# Blog Post

# Visualising school performance in Microsoft Power BI

It’s easy to get hold of schools performance data about schools in England - data is available for download from the Department for Education website. This post uses the latest end of Key Stage data - the provisional dataset for 2016/17. You can find it here.

What’s the best way to visualise school performance data with Power BI? What is the best way to give the non expert - someone who doesn’t know too much about schools and statistics - an overview of school performance in their home town?

The dataset includes several performance measures, some easier to understand than others:

- Percentage of pupils at end Key Stage 4 that get 5 or more good grades at GCSE including English & Maths
- Percentage of pupils at end Key Stage 4 with good grades in both English & Maths
- Attainment 8 average per pupil
- Overall Progress 8 measure for the school

Let’s start with the first one. Most parents in England understand what 5 GCSE grades A* - C including English and Maths means. The obvious way to show the data is a column chart:

The second measure is similar. This time it’s just GCSE English and Maths - pupils who get good grades in both. Here’s that data added to the same bar chart. The two measures tell almost the same story - there are just a handful of schools where fewer pupils than expected get two good grades in GCSE English and Maths.

Things get more complicated with Attainment 8. Most parents probably don’t know what means. It’s a score per pupil based on 8 different subjects - one number that’s calculated by taking the pupil’s best grades across 8 different subjects and combining them into a single overall score.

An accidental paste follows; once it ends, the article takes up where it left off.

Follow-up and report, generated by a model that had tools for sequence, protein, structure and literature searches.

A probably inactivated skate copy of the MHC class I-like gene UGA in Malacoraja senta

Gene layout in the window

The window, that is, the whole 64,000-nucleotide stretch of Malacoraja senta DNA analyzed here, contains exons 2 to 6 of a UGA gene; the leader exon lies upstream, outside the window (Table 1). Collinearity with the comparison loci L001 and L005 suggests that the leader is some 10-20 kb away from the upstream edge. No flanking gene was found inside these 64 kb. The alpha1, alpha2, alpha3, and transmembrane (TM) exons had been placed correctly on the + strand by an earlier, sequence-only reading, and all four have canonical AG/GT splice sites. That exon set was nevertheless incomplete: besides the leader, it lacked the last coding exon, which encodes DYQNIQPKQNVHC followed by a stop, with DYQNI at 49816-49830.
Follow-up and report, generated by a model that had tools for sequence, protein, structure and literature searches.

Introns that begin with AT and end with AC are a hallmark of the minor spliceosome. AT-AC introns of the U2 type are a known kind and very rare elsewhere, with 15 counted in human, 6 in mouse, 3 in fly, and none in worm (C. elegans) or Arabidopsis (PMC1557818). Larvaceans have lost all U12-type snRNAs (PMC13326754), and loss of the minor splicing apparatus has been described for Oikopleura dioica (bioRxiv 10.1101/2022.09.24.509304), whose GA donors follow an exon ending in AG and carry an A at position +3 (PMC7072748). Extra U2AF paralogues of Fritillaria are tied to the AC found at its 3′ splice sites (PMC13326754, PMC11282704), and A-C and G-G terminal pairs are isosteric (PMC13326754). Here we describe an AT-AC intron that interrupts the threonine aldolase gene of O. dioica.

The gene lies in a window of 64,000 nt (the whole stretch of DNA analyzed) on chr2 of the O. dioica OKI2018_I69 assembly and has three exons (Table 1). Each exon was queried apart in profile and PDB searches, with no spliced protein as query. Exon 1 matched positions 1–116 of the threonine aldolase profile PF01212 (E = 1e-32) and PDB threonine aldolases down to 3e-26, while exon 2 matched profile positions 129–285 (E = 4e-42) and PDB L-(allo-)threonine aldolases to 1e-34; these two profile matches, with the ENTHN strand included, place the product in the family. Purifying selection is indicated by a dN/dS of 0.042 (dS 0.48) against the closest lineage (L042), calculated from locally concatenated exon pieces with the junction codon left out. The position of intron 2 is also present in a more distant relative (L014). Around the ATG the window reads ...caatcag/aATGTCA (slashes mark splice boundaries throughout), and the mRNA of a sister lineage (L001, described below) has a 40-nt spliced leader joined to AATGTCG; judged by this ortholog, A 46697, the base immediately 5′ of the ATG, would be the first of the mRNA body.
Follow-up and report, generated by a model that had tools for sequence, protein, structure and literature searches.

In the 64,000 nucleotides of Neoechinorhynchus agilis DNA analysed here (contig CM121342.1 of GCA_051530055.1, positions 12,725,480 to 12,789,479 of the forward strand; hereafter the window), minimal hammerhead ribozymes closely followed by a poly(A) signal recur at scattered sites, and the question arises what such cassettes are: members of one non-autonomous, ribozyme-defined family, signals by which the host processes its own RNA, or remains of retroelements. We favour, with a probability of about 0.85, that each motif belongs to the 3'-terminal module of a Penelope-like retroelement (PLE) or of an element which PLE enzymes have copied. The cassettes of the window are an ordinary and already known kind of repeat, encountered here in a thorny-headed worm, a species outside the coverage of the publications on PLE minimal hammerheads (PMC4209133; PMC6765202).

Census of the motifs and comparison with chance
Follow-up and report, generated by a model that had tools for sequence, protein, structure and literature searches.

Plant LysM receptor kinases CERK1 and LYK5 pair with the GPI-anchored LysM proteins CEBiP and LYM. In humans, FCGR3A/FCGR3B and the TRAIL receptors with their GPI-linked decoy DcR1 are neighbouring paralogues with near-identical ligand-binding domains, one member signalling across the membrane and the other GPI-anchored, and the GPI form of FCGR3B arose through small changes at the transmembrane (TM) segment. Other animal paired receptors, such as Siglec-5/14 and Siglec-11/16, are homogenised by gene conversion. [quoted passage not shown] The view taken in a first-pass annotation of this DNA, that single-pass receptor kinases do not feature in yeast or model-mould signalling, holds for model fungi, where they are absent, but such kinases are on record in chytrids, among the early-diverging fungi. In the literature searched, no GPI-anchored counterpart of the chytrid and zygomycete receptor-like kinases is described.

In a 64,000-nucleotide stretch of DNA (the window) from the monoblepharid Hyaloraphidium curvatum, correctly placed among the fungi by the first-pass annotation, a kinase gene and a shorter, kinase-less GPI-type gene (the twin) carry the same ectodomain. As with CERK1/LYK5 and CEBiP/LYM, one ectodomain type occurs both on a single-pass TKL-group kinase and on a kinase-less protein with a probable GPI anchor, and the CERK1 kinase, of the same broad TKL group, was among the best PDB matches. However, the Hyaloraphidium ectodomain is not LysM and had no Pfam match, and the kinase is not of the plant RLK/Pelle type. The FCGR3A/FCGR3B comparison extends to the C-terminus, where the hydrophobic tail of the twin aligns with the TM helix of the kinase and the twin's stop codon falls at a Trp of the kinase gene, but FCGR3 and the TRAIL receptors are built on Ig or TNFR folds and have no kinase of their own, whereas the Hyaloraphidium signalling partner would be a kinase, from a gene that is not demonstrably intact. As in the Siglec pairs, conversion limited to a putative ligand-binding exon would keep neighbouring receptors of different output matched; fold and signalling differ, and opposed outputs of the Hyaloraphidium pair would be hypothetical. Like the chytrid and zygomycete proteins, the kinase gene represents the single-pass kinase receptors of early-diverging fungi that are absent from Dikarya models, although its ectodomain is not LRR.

I’ve added the average Attainment 8 score across all pupils for each school as a line graph on top of the two other measures - now three measures in the same chart.

It gets harder again with Progress 8. The calculation of Progress 8 is a little more complicated.

You start by taking a pupil's end of Key Stage 2 score and then from that you estimate the pupils expected end of Key Stage 4 Attainment 8 score. That estimated Attainment 8 score is the average Attainment 8 score of all pupils in the same cohort with the same prior attainment at Key Stage 2.

Then you look the pupil’s actual Attainment 8 score. Their Progress 8 score is the difference between the two, divided by 10. You’ve now got a measure of how the pupil has over or under performed against their estimated Attainment 8.

The school’s Progress 8 score is just an average of all the pupil scores - it’s an attempt to measure value add. In theory at least you should now be able to identify schools that underperform - maybe they get good results from a very able cohort but they haven’t added as much value as a school that gets less good end of Key Stage 4 results but does it with a cohort that starts from a lower base.

Here’s a chart that uses Progress 8. It’s a ‘line and stacked column’ chart. The two GCSE measures and the Attainment 8 measure (divided by 100 so we can compare more easily) are added as lines. The columns are the Progress 8 scores for each school.

The above chart is a bit more interesting. The four schools with the best Progress 8 score - the last 4 schools at the right hand end of the chart - get less good GCSE results than the schools immediately to their left. The two good grades in GCSE English and Maths measure takes a noticeable dip. The data seems to telling us that these 4 schools are performing well - their GCSE results may not be the best in Sheffield but their Progress 8 scores suggest they are with a cohort that started from a lower base at the end of Key Stage 2.